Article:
Identifier

etd-0417102-153157

Degree

Doctor of Philosophy (PhD)

Department

School of Nutrition and Food Sciences

Document Type

Dissertation

Abstract

There is an emerging market for functional oligosaccharides for use in foods. Currently, technology for the production of oligosaccharides is limited to extraction from plant sources, acid or enzymatic hydrolysis of polysaccharides or synthesis by transglycosylation reactions. Oligosaccharides also can be produced using a Leuconostoc fermentation and restricting the polymer size by the addition of maltose. Maltose limits the dextransucrase reaction, yielding high concentrations of a-glucooligosaccharides. Branched oligomers produced by this process were found to be readily catabolized by bifidobacteria and lactobacillus but were not readily utilized by either Salmonella sp., or E. coli, pointing toward their use in intestinal microflora modification. Branched a-glucooligosaccharides were non-competitive inhibitors of a-glucosidase (maltase), an enzyme required for starch or maltodextrin utilization.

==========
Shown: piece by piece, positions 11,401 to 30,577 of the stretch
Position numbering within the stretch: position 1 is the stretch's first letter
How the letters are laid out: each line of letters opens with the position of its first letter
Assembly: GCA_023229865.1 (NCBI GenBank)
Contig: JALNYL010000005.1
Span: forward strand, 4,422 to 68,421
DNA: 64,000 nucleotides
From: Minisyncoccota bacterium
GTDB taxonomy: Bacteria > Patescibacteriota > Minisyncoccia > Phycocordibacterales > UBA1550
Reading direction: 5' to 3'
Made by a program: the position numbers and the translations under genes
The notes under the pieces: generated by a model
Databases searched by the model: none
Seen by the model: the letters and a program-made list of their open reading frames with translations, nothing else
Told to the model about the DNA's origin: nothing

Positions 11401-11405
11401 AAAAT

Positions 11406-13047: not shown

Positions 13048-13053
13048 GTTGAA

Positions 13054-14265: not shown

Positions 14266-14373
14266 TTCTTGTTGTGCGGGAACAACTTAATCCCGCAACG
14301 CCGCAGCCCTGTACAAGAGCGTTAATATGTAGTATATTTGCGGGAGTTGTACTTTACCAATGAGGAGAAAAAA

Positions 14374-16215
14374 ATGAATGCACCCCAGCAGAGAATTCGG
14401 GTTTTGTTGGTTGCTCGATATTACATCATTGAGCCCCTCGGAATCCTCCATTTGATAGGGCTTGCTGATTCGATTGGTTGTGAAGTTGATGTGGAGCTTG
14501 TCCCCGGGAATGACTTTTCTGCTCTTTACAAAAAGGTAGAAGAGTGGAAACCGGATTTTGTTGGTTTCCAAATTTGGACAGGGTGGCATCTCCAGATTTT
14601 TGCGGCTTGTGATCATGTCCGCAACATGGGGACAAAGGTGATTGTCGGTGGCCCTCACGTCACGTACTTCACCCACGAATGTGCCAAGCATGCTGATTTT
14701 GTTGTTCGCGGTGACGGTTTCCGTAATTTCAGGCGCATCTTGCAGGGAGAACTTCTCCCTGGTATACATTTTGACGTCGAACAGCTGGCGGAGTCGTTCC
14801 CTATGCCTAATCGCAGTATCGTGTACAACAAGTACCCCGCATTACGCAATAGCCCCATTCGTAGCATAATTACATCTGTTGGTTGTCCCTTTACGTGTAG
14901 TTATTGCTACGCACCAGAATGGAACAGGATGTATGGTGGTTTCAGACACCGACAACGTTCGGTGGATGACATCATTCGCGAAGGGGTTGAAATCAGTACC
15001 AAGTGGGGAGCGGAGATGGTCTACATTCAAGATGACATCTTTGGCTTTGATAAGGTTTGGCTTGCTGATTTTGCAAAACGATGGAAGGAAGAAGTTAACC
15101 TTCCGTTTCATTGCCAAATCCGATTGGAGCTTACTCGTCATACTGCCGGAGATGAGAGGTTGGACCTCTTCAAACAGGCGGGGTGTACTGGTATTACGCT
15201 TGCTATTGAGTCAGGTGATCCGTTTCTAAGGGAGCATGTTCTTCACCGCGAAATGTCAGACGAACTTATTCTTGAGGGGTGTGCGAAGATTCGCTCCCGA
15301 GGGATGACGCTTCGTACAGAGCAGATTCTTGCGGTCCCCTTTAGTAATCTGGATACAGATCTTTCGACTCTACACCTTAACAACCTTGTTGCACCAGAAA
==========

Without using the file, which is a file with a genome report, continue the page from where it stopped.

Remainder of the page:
Date

2002

Document Availability at the Time of Submission

Release the entire work immediately for access worldwide.

Committee Chair

Donal F. Day

Included in

Life Sciences Commons

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